About the activity group
The GAMM activity group Data-driven modeling and numerical simulation of microstructured materials (GAMM AG Data) aims at coordinating the acitivities of the members of GAMM in the field of data-based modeling, simulation and analysis in the context of microstructured materials. The GAMM AG Data was jointly initiated by Felix Fritzen (University of Stuttgart) and Stefan Diebels (University of Saarbrücken). The proposal got accepted during the GAMM annual meeting in Braunschweig in March 2016.
In the recent years significant technological improvements have been made in the field of imageing based experimental setups. For instance, the quality and the velocity (i.e. frame rate) of computer tomography based imaging have both been improved considerably while, at the same time, X-ray computer tomography devices are now available in many research facilities. By virtue of the obtained three-dimensional images, microstructures of modern natural and artificial materials can be analyzed and used in direct numerical simulations. The incorporation of the three-dimensional microstructure information is however highly non-trivial from a numerical point of view. Special data-processing techniques that are able to operate on billions of unknowns are required, e.g., by making use of the advantageous properties of the Fast Fourier Transform (FFT). The development of algorithms and data handling techniques for the processing of three-dimensional data sets denote major topics of the GAMM AG Data. Innovative image processing techniques for automatic phase segmentation and microstructure reconstructions that are usable for finite element discretizations are equally important.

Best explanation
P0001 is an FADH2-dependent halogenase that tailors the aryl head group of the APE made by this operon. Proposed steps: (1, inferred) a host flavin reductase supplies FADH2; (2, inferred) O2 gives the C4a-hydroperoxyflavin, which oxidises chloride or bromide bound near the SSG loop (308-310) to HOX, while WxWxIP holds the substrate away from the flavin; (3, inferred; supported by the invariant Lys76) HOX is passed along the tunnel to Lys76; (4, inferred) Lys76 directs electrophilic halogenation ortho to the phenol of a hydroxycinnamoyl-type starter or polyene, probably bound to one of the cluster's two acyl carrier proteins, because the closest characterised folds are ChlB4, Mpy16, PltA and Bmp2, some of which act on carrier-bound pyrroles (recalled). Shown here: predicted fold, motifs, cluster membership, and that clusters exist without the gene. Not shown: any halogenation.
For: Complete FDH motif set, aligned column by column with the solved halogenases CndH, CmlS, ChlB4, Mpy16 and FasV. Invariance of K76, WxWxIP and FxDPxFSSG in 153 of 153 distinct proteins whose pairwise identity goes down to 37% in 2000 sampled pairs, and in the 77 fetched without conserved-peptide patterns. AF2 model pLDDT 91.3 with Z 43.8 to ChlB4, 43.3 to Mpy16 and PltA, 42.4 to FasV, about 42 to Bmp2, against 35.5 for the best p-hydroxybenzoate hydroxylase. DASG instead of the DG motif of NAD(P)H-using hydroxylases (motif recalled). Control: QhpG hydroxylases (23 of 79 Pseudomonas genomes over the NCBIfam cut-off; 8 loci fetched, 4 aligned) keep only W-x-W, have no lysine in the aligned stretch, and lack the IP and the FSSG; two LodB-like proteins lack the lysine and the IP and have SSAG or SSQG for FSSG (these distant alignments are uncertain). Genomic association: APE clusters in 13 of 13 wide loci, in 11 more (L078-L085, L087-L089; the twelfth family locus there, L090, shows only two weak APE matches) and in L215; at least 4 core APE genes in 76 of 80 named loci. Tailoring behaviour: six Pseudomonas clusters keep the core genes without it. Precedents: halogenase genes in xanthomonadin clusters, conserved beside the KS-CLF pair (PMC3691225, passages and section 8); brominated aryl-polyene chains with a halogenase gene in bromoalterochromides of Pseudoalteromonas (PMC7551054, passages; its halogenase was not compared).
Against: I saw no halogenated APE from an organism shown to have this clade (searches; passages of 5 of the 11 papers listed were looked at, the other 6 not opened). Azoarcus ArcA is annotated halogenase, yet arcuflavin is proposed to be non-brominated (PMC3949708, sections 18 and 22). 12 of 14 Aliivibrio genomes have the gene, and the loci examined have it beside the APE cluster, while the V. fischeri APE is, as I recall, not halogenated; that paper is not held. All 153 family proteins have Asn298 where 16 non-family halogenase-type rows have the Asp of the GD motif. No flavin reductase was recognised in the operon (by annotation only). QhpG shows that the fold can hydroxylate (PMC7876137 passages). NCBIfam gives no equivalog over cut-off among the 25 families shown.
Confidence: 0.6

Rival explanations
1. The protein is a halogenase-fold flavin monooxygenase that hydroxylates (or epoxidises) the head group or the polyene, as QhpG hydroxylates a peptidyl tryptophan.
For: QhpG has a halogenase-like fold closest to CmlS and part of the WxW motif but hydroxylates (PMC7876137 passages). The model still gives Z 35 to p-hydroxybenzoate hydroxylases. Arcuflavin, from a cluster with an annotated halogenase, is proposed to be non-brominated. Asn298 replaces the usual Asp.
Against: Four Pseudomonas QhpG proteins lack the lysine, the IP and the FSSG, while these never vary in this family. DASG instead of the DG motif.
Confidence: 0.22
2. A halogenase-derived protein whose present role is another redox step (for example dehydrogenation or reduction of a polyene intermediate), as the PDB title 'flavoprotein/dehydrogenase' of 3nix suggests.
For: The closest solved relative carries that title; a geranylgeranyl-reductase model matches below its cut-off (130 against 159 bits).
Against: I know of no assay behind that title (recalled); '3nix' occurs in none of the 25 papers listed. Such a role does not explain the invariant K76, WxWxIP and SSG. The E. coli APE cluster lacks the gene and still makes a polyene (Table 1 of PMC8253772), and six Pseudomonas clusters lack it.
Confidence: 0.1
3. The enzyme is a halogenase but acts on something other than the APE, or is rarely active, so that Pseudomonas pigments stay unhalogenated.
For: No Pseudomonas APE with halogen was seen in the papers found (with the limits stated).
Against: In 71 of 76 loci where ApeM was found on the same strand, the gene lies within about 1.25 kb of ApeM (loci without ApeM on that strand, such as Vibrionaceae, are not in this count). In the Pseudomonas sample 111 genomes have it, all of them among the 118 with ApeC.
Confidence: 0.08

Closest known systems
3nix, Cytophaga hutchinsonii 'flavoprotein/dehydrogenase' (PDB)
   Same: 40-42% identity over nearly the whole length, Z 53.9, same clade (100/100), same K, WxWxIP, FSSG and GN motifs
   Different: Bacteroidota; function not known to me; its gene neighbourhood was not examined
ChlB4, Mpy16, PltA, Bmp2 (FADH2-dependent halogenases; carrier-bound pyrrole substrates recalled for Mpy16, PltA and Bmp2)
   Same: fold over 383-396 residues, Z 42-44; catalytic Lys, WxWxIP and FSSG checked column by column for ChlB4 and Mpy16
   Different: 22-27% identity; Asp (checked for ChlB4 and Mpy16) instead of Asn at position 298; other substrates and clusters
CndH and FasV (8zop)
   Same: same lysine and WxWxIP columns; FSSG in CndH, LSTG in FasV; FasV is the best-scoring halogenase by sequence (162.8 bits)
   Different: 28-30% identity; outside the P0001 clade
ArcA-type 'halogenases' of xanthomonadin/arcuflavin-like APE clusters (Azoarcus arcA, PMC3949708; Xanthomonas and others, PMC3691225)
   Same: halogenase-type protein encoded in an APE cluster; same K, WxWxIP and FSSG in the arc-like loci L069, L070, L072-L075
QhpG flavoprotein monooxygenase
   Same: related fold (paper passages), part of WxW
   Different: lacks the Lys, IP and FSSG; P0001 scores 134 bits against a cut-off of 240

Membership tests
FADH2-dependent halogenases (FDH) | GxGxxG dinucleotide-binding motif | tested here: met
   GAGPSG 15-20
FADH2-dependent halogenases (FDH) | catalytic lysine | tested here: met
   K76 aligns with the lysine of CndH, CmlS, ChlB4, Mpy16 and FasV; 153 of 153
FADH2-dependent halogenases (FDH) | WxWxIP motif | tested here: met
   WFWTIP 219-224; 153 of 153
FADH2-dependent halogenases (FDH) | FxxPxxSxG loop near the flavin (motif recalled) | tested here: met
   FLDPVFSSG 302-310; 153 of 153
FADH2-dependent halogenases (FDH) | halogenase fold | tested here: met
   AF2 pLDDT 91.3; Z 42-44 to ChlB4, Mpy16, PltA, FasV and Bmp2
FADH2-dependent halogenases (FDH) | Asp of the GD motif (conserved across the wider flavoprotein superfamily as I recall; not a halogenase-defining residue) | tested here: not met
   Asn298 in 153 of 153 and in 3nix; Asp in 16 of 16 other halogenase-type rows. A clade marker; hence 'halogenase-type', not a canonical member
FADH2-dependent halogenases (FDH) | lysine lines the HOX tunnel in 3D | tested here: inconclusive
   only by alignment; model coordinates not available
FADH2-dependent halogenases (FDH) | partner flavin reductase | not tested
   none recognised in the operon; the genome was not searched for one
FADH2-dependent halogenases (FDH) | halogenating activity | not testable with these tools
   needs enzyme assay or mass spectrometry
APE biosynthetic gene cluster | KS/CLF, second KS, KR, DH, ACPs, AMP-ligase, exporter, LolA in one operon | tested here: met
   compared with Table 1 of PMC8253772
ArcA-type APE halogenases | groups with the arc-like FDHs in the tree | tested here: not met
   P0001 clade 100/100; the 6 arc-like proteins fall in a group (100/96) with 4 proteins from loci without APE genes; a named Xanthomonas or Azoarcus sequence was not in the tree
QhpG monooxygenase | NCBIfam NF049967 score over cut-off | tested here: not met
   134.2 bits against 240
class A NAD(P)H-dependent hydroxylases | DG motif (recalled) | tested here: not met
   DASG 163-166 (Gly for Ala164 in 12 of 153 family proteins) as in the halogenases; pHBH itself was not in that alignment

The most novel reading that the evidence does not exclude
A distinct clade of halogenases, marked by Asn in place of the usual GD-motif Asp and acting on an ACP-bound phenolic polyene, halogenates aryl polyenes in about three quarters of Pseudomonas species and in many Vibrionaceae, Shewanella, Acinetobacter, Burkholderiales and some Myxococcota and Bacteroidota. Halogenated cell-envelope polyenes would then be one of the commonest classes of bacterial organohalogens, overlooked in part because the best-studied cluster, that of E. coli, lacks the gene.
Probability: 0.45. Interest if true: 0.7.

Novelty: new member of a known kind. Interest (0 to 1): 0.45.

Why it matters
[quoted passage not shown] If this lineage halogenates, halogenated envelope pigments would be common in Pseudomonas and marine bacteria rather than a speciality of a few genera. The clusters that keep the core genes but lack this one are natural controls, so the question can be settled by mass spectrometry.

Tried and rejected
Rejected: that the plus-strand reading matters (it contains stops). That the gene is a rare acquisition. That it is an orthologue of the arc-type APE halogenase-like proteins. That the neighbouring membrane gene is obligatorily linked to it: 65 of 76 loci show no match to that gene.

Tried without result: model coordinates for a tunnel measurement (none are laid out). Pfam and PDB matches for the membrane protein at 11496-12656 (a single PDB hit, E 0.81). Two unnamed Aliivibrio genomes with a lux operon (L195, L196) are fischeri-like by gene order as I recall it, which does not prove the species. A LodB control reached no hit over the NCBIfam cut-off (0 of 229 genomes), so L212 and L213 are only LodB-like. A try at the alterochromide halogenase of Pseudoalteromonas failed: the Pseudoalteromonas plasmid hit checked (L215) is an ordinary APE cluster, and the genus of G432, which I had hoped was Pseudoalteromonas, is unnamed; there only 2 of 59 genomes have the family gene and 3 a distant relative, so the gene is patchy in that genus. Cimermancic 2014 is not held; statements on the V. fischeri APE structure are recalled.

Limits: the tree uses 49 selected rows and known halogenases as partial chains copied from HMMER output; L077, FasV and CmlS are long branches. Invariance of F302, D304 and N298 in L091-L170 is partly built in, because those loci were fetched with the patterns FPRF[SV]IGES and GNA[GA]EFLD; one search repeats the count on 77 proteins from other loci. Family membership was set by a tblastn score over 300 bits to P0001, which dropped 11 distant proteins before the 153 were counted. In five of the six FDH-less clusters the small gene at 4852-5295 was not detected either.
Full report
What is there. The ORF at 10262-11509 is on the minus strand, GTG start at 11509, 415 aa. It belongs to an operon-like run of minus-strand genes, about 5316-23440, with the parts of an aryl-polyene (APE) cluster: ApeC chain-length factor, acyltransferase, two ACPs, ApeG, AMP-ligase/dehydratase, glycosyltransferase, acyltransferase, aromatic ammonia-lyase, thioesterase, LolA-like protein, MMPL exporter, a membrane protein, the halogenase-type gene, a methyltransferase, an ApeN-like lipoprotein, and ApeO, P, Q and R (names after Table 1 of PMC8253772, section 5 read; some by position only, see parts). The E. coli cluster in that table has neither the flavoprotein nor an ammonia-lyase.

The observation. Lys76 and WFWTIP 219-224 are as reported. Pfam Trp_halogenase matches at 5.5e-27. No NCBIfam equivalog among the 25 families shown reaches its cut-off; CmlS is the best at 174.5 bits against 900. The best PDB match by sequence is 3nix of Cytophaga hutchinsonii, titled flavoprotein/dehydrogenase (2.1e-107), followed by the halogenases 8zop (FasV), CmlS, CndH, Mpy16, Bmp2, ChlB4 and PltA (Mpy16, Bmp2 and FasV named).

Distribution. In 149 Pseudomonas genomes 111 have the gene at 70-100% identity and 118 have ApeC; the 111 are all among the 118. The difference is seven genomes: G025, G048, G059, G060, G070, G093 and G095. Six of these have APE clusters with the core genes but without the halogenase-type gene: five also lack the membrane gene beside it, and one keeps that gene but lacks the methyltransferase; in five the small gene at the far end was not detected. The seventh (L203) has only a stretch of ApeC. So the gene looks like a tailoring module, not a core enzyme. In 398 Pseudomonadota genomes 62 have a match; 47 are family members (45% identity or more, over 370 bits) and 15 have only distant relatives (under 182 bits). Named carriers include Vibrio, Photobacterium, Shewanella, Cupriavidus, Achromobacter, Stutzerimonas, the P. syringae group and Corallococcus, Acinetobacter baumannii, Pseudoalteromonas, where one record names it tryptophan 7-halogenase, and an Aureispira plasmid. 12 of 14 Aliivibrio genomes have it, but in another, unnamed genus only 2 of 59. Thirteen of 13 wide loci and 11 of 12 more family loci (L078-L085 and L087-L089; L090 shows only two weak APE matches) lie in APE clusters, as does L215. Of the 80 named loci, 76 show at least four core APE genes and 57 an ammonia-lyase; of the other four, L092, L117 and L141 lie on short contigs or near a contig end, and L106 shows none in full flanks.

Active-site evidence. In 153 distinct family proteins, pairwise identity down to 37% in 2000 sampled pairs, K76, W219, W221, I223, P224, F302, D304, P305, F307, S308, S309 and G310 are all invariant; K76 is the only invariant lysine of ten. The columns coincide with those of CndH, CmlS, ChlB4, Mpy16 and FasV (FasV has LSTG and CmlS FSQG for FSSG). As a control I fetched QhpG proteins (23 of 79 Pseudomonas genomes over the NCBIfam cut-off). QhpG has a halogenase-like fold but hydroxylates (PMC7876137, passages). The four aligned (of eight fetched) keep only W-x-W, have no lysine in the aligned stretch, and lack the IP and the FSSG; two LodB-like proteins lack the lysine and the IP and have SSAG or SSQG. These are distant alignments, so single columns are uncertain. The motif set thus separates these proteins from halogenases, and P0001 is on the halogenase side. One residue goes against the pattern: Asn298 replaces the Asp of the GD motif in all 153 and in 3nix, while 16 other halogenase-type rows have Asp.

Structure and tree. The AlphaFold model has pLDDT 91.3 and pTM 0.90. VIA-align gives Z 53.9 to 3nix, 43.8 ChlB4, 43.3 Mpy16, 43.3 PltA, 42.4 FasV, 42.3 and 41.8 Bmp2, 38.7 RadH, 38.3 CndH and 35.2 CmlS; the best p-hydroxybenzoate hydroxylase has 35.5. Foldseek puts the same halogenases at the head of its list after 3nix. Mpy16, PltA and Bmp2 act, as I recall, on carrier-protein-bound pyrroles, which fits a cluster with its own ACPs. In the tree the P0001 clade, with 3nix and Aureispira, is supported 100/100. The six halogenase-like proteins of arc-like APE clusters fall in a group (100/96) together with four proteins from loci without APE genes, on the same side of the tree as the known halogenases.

(Schüler, Jänicke, Steeb: Nonlinear modeling and computational homogenization of asphalt concrete on the basis of XRCT scans, in Const. Build. Mater. 109, p. 96-108, 2016)
Nondestructive imaging techniques can further reveal geometrical information about the microstructure in situ, i.e. in the course of an experiment. The investigation and modeling of the microstructural changes (e.g. bonds that break; compaction in foams; fluid flow in porous media etc.) based on experimental data is another key topic.
The diversity of the GAMM AG Data is also exemplified by the fields in which the associated researchers operate:
- applied mathematics
- high performance algorithms
- convergence behaviour of algorithms
- theoretical and applied mechanics
- constitutive modeling across the scales
- innovative multi-level constitutive models
- computer-assisted homogenization models
- materials science
- experimental techniques
- image processing
- in situ experiments
- high performance computing
- massively parallel algorithms
- efficient solvers for billions of unknowns
- large scale data structures
GAMM AG DATA Workshops
Due to the Covid-19 pandemic, this year's workshop is held in the form of an online meeting. We are looking forward to interesting scientific contributions alongside group discussions and virtual coffee meetings in break-out rooms. Participation is free of charge.
Stefanie Reese and her team (in particular Steffen Kastian and Robert Eggersmann) are organizing the new GAMM AG Data workshop in Aachen on May 6/7, 2019.
Benjamin Klusemann is organizing the 4th GAMM AG Data workshop which will be held at the Leuphana University in Lüneburg and at the Helholtz Zentrum Geesthacht. The workshop will comprise exciting keynote speakers and a lab tour.
Matti Schneider and Felix Fritzen jointly organize the third GAMM AG Data workshop. Although initially projected as a small scale working session, the number of attendees quickly grew and, again, some 30 scientists are joining the workshop.
Thomas Böhlke kindly organized the second GAMM AG Data workshop in Karlsruhe.
The first event of the GAMM activity group Data-driven modeling and numerical simulation of microstructured materials (GAMM AG Data) took place at the Universiity of Stuttgart on Sep 26/27th, 2016. The constitutional meeting was attended by 30 scientists. Many interesting discussions encompassed the scientific event.